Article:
World Water Day is celebrated on Friday 22 March 2002
Arsenic – Mass Poisoning on an Unprecedented Scale
Geneva, March 2002—The largest mass poisoning of a population in history is now underway in Bangladesh.
The crisis has, however, spurred intense research in water de-contamination techniques. How to ensure tens of millions of people arsenic-free drinking water when their water supply comes from wells, many of them rich in arsenic.
How many Bangladeshi are exposed to a high level of arsenic? Estimates vary from a low of 28-35 million to a high of 77 million, more than half the population of the country.
The Bangladeshi are being poisoned by drinking well water, usually without knowing it. Only three decades ago health and development experts, and small local contractors, dug between 7-11 million deep tube wells throughout Bangladesh. The experts encouraged the whole nation to drink well water because it was safe. It was free of the bacteria that caused water-borne diseases such as diarrhoea and other intestinal maladies that have long plagued tropical Bangladesh.
Ironically, the people of Bangladesh exchanged water-borne diseases for arsenicosis. In the 1970s public health specialists and government policy-makers did not think of arsenic. It was only in 1993 that the "clean" well water was discovered to contain dangerous quantities of the poison.
Arsenicosis can cause skin cancer as well as cancers of the bladder, kidney and lung, and diseases of the blood vessels of the legs and feet, and possibly diabetes, high blood pressure and reproductive disorders.
WHO’s most recent guideline for a maximum amount of arsenic in drinking water recommends 10 parts per billion (ppb). That was in 1993 when it was lowered to that level from 50 ppb. A new guideline is anticipated in 2003. But most water that is drunk in arsenic affected areas in Bangladesh has substantially higher levels, frequently far above 50 ppb.
Arsenic-contaminated water is not restricted to developing countries. In the western states of the United States of America about 13 million people drink arsenic-tainted water, albeit less contaminated than the well water in Bangladesh. Australia, too, has arsenic-contaminated water. So do Argentina, Brazil, Chile, Hungary, Mexico, Taiwan (Province of China), Thailand, Viet Nam, and the eastern areas of India in Bengal.
"Unfortunately," says WHO sanitary engineer, Hiroki Hashizume, a Japanese expert on arsenic, "it is virtually impossible, with present measurement techniques, especially in the developing world, to measure quantities below 10 ppb. When drinking water guidelines or national standards are established, careful attention has to be paid to analytical capability, arsenic removal technology, etc., to ensure that the levels are really achieved. Since the principal health gain comes from targeting those most exposed to arsenic poisoning, using an intermediate target of 50 ppb, until a lower target can be achieved, would already improve people's health given Bangladesh's limitations.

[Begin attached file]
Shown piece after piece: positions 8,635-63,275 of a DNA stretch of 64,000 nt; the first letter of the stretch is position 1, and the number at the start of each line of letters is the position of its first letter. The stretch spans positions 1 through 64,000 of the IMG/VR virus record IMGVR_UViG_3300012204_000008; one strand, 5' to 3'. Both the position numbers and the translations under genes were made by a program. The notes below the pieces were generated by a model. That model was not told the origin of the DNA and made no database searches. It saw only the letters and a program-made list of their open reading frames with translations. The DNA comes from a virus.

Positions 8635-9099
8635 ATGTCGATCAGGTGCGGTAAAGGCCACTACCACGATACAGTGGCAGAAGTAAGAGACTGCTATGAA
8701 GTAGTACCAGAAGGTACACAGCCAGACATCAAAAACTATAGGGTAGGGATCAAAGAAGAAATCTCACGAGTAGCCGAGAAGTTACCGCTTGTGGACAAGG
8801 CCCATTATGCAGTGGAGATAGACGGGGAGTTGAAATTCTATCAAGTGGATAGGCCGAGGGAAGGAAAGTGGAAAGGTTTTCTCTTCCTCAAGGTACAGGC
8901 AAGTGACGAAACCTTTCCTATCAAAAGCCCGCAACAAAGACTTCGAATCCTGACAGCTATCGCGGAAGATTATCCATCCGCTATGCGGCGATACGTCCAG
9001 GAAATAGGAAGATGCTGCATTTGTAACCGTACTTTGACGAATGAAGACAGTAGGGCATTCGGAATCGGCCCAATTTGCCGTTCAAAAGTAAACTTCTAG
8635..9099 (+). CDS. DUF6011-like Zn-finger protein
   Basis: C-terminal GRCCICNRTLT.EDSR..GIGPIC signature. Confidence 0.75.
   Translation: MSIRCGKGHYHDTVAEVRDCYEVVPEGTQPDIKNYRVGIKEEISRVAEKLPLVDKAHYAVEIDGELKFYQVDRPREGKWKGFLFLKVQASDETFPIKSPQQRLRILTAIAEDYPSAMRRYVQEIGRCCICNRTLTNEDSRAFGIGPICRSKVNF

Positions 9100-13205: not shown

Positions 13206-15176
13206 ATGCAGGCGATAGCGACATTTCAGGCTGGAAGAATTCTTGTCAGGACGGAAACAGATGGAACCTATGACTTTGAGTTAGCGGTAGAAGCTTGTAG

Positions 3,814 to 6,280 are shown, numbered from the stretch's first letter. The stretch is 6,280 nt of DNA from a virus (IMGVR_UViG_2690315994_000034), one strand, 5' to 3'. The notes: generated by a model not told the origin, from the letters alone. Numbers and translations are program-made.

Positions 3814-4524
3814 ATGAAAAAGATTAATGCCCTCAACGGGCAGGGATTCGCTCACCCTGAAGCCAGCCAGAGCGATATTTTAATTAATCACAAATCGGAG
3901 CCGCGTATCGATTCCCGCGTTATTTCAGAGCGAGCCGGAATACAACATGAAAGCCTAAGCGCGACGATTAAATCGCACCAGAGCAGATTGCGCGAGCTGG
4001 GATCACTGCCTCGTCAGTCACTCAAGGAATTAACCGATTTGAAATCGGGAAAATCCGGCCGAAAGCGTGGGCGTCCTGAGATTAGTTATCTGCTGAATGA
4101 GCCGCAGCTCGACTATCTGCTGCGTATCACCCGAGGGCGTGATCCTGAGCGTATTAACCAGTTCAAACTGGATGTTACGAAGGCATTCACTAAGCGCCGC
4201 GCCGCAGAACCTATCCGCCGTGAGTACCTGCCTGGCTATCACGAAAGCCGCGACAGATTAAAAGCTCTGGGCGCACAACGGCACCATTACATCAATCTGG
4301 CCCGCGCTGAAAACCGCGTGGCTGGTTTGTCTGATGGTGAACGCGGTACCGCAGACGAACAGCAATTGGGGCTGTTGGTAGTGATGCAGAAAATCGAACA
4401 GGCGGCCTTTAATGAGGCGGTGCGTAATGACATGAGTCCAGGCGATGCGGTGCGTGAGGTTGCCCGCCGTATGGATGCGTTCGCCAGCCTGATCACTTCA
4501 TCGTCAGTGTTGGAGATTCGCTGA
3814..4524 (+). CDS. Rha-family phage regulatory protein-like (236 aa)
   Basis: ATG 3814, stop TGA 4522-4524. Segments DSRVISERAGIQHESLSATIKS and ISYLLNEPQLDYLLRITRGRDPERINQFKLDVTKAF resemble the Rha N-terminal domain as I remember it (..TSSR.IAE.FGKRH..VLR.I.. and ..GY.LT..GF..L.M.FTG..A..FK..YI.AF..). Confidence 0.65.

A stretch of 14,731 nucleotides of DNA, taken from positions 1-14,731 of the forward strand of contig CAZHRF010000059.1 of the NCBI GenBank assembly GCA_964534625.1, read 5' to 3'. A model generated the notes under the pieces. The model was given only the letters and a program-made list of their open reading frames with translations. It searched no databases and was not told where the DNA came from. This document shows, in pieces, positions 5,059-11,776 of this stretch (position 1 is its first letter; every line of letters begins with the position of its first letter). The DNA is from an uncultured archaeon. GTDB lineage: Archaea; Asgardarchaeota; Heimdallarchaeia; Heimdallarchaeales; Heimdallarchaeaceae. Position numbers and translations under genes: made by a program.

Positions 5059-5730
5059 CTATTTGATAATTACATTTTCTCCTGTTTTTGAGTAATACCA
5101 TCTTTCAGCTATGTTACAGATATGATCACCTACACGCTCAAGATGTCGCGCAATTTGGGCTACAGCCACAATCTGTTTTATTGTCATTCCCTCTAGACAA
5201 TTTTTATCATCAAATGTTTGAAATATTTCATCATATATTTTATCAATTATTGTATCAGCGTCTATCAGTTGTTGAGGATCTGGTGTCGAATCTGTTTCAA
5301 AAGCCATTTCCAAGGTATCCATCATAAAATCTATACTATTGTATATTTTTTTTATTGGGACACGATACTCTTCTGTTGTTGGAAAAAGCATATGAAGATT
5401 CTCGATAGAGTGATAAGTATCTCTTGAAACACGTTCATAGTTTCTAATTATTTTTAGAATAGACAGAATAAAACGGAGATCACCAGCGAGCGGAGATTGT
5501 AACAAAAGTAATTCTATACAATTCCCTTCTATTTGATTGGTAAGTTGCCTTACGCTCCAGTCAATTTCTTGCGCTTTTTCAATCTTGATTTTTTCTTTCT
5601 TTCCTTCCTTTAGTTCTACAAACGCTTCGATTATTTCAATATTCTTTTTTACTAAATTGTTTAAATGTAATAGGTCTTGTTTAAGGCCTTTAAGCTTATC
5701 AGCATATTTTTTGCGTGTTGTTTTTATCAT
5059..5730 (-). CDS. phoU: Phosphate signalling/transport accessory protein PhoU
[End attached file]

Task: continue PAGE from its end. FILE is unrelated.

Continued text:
"Another unfortunate and complicating fact about arsenic poisoning," Hiroki Hashizume adds, "is that it generally takes from seven to 10 years, sometimes longer, for the disease to be recognized. When it finally is, it may be too late to treat."
Professor Robert Goyer, who headed a nine-member commission of the US National Academies of Science, says its findings bolster a 1999 study by the Academy that found that men and women who drink every day water with 10 ppb of arsenic have an increased risk of more than 3 in 1000 of developing bladder or lung cancer during their lifetime. That risk rises to 7 in 1000 at 20 ppb.
Arsenicosis is recognizable from skin color changes, blotches all over the face and body, hyper pigmentation on the chest and upper arms, hard patches on palms and soles of the feet, inability to walk, debilitating pain, watery eyes.
Recently, a woman staggered into a village in Chandpur District where Nasrine R. Karim, the head of a Bangladeshi non-governmental organization, Earth Identity Project, was visiting arsenic-sick villagers.
"She was in a pitiful state," recalls Nasrine. " She could barely walk or stand up. Her face and body were covered with dreadful splotches. Her hands and the bottoms of her feet were a solid mass of hard patches, her eyes watery. Her lips and tongue were blue. I had never seen a victim of arsenicosis in such a ghastly condition."